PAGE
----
Tuesday, July 26, 2011

The Problem with Unitarian Universalism

Unitarian Universalism is about the least objectionable religion imaginable. They don't go door to door trying to convert people. They don't try to prevent gays from marrying. They don't try to get creationism taught in schools. They don't say that if you don't believe as they do then you'll burn in hell.

But there's one major problem with UU that I find objectionable. They're too open and accepting.

The thing is, the existence of god and other religious questions are objective facts. Either god exists, or god doesn't exist. God can't exist for you, and not exist for me. If one person believes in god, and another doesn't then one of them is wrong and ought to change their mind, because truth is important.

Now, I don't think that someone with wrong beliefs should be censored or converted at swordpoint or anything like that. The only way to separate the true beliefs from the false is to constantly examine and challenge all beliefs.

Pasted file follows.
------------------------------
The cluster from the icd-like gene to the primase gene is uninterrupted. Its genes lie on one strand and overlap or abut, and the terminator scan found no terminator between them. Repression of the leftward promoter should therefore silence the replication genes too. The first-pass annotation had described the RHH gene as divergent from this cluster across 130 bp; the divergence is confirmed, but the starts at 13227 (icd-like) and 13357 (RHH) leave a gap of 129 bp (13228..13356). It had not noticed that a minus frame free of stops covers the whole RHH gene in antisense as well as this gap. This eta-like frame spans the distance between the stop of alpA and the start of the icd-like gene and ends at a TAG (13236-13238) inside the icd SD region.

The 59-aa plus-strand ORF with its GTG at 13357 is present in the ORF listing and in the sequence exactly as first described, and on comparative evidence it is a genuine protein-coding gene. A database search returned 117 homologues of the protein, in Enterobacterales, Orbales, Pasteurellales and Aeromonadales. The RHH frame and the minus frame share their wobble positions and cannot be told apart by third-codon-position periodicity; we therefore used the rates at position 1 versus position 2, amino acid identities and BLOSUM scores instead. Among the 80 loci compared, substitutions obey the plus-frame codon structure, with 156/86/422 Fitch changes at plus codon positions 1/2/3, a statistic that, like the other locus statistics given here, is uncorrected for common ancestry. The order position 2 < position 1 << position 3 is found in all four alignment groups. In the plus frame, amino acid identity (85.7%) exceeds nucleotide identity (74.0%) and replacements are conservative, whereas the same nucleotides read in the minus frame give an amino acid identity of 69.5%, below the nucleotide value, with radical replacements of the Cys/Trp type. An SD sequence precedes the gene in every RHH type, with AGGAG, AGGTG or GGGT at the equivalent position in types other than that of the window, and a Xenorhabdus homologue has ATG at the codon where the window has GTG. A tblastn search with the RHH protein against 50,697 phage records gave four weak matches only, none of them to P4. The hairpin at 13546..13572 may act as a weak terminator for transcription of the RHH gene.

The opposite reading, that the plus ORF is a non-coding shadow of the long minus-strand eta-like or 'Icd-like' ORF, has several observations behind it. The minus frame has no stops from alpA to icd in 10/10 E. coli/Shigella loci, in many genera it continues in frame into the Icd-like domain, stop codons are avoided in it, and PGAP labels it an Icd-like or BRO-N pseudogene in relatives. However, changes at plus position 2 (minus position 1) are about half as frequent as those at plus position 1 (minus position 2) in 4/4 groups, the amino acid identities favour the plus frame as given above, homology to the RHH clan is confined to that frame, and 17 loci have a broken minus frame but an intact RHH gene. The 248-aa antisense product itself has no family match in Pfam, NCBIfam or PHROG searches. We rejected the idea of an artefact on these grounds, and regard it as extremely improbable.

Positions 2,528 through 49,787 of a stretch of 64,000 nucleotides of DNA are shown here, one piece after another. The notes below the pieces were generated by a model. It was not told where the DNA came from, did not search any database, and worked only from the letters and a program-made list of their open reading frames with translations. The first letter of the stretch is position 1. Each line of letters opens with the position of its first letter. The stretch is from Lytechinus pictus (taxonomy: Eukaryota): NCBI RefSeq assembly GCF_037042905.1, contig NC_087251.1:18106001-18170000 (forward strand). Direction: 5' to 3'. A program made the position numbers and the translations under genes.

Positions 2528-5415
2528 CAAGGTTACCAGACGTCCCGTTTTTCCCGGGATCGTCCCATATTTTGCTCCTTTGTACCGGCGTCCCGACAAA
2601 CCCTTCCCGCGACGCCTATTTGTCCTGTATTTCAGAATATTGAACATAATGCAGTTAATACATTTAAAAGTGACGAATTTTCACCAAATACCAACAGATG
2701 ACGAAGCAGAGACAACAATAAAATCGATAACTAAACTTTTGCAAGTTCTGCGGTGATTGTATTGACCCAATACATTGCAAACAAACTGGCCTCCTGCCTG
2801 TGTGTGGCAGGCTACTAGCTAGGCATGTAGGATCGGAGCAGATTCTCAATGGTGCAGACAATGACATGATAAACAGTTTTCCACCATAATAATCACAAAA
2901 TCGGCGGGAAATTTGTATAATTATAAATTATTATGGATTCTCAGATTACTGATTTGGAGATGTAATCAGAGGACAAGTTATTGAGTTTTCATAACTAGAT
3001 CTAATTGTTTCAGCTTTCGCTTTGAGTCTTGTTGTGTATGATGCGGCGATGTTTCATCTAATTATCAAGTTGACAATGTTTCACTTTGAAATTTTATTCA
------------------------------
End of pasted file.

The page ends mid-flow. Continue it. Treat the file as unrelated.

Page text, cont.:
But if a congregation is truly interested in getting at the truth, they shouldn't be content with "Well, some of us believe in god X and some of us believe in god Y and some of us don't believe in god at all.". They should instead examine the evidence and try to determine which, if any, beliefs are true and believe in those. Eventually, as they share information and arguments, they should start to agree on major points.

UUists tend to like the parable of the blind men and the elephant. They use it as an example of how different people can experience the same reality differently. But the parable shouldn't end with one man feeling a rope, and one man feeling a wall and one man feeling a pillar. Rather the blind men should examine the elephant further, switch places and find parts they hadn't before, and hopefully find a unified elephant.